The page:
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My name is Ron Dixon and I live in Bettendorf, Iowa. My son Joshua, goes by Josh, was born in 1995 and was diagnosed with SMS at age 16. I have been a member of PRISMS since 2013. I decided to volunteer as a regional representative as a way to give back to the SMS family who helped us obtain a diagnosis and learn how to best advocate for Josh while giving him space to have ownership of his life to the greatest extent reasonable. I grew up in Iowa and know that it can be a bit of a challenge to obtain regular medical services let alone all the support for diagnosing and learning to thrive with a child with a rare disorder and we hope to help bridge that gap at least a little bit. The picture is Josh with his best friend Mason.
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I feel honored to be a part of PRISMS! My name is Rhonda Lowney and I represent Arizona. My daughter Jude was diagnosed at the age of two and I believe I have been a member of PRISMS ever since, the geneticist that gave us our diagnosis told us about PRISMS when she gave us the news and I don’t really know how we would’ve made it through the SMS diagnosis and life without PRISMS. The support from the organization, the conferences, and the connection with the other parents have been a life saver, both mentally and physically. I hope to help any newly diagnosed families in my area with any emotional and practical support available and I also hope to deepen the connection between the already diagnosed families that live here in our state. I am hoping that my seventeen years’ experience as a parent along with the amazing support of PRISMS will enable me to be of service!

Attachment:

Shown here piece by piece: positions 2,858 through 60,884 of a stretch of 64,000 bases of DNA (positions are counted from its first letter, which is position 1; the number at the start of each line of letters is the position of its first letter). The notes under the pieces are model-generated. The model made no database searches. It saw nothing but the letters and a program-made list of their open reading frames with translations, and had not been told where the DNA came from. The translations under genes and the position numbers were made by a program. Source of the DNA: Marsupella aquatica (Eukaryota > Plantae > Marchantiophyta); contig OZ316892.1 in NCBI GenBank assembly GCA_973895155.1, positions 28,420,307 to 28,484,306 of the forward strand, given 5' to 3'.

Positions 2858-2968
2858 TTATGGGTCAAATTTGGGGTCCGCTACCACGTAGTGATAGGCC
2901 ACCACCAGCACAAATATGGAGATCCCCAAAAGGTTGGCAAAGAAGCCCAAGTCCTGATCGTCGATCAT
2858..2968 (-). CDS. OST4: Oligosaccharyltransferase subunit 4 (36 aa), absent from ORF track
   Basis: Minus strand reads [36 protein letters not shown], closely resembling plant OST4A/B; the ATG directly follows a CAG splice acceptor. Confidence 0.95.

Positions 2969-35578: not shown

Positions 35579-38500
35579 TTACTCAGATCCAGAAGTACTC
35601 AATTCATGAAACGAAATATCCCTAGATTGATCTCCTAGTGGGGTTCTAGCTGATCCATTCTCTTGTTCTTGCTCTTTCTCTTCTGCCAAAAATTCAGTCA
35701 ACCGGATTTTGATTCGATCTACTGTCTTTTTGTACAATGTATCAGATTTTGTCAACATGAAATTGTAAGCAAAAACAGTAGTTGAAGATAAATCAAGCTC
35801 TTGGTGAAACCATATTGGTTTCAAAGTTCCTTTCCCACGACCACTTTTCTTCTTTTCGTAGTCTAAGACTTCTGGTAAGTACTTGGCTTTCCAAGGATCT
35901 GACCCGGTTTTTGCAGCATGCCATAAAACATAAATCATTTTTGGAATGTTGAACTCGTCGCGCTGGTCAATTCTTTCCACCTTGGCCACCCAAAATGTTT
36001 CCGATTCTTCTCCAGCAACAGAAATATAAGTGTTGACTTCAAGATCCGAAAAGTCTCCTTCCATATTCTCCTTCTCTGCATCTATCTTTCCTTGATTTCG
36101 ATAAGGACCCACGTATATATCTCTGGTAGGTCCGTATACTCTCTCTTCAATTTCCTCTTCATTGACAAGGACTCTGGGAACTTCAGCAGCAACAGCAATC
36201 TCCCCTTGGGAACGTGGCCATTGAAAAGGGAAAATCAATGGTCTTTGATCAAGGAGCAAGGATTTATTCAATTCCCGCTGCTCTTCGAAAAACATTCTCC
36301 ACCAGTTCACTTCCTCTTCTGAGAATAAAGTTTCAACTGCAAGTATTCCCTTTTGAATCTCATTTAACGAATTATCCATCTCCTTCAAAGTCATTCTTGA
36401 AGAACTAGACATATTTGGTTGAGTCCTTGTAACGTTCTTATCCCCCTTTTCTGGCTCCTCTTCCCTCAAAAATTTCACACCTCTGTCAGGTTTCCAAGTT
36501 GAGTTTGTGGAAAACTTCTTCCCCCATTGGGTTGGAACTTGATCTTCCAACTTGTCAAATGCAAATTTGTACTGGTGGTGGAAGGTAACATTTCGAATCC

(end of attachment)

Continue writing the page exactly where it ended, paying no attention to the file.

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As you may or may not know, we live in a remote part of southwest Colorado. Ali, our daughter, age 30 (4/11/1988) lives in the town of Grand Junction and we live about 120 miles from there in the town of Norwood. We are very close to the four corners area and about a 6.5 hour drive from Denver.
Ali was born at St. Mary’s Hospital in Grand Junction. While still in the hospital, we sent a DNA sample to University Hospital, in Denver, for a genetic work up. Ann Smith was working there at the time and two weeks later we received the news that Ali was missing a part of her 17th chromosome. There were only seven case studies on this disorder at the time and PRISMS was still about five years away from being formed. We knew so little at the time and I often wonder what it would have been like if we had had the PRISMS community to help us in those early days.
We met Ann Smith and Maggie Miller when Ali was about three and attended the very first PRISMS conference in Washington DC in 1998. We have attended four conferences since then, meeting other parents and individuals with SMS. The community of people we’ve met through PRIRMS has enriched our lives beyond measure and helped us feel a little less alone as we travel this challenging path of parenting an SMS individual. We consider the PRISMS family our “tribe” and are humbled by the love we feel from this group.
I am now at a position in my life where I can give back to this wonderful community. Its been a long and challenging journey with Ali but I feel blessed to be her mother. I would love to be able to help other parents by being a good listener and pointing them towards the resources they might need. I can especially relate to those who live in remote/rural areas.